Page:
by Donna Ekart
There are photos, someplace in the house, of me in D.C., on the Mall, in a group of happily random, younger-than-they-thought-they-were women, smiling, and holding a round blue sign. I loved those girls, loved the silly pledge we made when we set out from the middle of the heartland to D.C. to only listen to music by women, loved that by half-way home they were all screaming for crazy hiphop by some loud guy, any loud guy. In those moments, I never would have believed that I could have changed my mind, and later, as I felt it start to change, I resisted, fearing that the change would make me forget those women, that time, who I was then. But it never came to pass; I didn't forget them, didn't forget a single one of the arguments that were so persuasive to me then, didn't forget what wrong I was attempting to make right by my belief. There are days when I wish I could, days when I realize that what I should have been afraid of was remembering. So, when I say it's not that simple, that it's not just a thing that I believe just because some authority tells me to, I know: I know what I've turned my back on, I know the utter lack of malice in the hearts of those who believe differently than me, and I know that there's still a wrong out there to be righted; I just can't bring myself to make it right the same way.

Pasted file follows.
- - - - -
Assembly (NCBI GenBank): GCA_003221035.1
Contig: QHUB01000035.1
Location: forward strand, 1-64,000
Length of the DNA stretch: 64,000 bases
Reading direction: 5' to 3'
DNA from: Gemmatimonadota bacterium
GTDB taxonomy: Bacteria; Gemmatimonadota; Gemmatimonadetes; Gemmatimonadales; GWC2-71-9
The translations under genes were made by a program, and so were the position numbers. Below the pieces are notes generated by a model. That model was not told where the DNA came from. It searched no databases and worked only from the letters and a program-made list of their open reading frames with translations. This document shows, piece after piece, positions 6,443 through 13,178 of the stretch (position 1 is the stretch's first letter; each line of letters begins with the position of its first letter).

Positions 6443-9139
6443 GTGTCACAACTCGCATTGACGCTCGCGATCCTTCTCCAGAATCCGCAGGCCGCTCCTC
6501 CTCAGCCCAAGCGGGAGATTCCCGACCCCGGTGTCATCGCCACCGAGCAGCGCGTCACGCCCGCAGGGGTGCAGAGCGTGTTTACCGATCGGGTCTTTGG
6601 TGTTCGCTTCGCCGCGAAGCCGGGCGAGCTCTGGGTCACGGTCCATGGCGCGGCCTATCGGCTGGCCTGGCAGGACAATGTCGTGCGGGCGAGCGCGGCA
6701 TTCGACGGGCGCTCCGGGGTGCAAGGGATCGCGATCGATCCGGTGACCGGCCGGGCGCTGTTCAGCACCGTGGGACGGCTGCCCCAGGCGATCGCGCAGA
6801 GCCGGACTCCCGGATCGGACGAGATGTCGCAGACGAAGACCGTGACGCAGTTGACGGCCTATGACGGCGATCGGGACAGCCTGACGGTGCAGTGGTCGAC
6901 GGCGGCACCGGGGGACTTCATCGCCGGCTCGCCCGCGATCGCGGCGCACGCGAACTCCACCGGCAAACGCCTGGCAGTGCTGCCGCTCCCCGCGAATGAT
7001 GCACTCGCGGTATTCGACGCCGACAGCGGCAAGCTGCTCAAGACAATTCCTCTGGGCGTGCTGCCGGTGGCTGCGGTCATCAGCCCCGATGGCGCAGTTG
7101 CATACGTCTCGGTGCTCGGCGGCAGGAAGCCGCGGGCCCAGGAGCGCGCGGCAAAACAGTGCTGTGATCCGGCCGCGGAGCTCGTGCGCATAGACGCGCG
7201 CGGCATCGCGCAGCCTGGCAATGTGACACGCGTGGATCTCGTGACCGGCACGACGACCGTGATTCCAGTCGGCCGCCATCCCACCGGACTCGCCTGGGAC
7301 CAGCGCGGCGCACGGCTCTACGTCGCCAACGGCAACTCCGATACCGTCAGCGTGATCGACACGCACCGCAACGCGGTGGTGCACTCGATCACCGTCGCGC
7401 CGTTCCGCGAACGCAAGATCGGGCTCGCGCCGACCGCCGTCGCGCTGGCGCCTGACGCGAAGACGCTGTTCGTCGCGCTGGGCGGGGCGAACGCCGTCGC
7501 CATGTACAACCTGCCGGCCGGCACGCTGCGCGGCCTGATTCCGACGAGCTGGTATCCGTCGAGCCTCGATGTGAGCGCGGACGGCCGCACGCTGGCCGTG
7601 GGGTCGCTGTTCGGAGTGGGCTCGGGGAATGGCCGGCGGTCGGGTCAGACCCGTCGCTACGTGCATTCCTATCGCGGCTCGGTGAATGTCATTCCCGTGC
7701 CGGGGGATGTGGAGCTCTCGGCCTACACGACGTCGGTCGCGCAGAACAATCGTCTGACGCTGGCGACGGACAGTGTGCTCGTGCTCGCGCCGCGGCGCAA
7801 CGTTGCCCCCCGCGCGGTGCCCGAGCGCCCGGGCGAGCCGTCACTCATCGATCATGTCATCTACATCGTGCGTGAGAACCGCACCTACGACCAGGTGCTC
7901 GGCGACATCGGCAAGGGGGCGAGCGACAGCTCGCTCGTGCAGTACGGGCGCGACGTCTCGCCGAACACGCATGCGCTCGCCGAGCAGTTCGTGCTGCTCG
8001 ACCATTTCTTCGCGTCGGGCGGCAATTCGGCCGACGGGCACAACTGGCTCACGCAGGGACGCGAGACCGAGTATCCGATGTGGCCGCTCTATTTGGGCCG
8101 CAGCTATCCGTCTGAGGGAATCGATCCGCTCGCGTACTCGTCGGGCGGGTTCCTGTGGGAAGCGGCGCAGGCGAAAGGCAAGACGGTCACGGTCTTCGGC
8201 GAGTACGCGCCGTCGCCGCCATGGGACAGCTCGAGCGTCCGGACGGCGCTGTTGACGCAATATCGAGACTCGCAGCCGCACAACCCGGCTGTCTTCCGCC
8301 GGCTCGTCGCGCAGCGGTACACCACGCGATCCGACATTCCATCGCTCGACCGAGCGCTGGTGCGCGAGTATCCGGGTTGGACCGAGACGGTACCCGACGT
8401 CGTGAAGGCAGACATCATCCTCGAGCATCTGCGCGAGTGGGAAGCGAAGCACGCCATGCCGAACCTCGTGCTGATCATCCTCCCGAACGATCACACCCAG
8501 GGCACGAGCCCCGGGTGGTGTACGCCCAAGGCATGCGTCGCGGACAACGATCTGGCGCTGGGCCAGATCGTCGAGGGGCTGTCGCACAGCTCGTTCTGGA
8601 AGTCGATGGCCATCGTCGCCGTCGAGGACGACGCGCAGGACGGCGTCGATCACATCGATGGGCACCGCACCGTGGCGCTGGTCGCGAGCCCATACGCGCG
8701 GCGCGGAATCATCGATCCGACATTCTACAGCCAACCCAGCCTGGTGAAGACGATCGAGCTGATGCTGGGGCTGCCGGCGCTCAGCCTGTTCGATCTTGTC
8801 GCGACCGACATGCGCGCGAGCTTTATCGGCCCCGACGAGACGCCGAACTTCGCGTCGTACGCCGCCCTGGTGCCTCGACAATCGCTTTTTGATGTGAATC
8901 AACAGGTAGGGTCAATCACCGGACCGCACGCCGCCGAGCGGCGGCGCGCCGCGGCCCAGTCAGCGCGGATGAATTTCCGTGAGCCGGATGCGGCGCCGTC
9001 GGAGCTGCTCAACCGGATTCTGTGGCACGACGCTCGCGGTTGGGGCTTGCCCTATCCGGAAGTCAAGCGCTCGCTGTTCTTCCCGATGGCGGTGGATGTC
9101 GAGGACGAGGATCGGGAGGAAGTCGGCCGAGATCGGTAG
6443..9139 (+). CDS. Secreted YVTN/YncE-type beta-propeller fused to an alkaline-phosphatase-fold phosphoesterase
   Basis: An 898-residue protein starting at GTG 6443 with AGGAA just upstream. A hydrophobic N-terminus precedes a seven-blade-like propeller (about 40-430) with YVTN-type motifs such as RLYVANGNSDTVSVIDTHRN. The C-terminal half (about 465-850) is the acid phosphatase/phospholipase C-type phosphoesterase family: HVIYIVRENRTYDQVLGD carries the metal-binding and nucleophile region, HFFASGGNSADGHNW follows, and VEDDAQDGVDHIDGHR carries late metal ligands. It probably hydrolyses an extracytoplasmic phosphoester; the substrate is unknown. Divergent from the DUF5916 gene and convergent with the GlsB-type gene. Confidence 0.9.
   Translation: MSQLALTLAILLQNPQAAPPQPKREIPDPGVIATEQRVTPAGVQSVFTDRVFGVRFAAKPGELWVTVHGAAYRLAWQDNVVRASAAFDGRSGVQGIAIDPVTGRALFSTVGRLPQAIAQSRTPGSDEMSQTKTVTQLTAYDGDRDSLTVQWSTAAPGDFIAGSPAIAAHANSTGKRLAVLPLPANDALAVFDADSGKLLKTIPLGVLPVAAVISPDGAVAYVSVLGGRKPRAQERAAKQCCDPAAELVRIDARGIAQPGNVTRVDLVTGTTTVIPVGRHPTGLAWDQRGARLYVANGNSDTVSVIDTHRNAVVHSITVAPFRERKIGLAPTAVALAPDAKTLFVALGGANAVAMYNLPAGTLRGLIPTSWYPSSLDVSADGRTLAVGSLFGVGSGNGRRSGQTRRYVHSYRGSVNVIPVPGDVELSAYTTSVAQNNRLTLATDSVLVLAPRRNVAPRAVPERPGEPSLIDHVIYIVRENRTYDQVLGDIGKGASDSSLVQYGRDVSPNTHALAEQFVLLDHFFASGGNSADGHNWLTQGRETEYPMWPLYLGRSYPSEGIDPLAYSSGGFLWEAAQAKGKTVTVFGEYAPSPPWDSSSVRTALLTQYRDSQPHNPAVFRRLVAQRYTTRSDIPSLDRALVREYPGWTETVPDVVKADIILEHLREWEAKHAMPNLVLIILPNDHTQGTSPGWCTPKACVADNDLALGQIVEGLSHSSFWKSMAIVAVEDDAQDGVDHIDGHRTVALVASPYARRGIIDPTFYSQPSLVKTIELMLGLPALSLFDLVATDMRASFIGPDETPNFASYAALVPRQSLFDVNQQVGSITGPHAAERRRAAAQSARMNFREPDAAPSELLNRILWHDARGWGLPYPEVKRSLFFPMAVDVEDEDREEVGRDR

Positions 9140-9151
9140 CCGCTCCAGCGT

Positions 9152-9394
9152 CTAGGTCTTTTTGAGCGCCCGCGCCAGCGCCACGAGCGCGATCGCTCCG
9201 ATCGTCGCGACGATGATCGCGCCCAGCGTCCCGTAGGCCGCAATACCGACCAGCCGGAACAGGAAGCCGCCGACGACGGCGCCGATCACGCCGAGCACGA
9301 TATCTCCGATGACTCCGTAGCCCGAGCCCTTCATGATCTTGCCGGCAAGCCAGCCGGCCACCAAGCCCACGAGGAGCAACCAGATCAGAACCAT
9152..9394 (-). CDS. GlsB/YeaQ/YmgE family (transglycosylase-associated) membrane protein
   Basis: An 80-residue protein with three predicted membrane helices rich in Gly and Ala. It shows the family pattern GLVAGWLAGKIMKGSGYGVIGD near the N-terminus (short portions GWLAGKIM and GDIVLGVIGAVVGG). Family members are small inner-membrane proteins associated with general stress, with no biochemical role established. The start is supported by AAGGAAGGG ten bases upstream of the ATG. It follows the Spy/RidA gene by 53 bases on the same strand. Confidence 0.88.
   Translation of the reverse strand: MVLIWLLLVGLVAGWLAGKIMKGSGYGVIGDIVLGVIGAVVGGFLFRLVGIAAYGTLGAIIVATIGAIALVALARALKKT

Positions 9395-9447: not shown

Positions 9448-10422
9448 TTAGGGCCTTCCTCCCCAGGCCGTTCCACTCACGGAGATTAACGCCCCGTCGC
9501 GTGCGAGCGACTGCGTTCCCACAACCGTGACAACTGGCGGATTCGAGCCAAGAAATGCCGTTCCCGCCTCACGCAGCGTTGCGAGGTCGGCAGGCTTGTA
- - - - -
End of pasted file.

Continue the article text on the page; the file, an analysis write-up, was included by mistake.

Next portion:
Donna Ekart, author of Well Done, Good and Faithful Servant, is a librarian who really likes the sensation of words falling out of her head. She lives in Kansas, which isn't as flat or dull as you might think.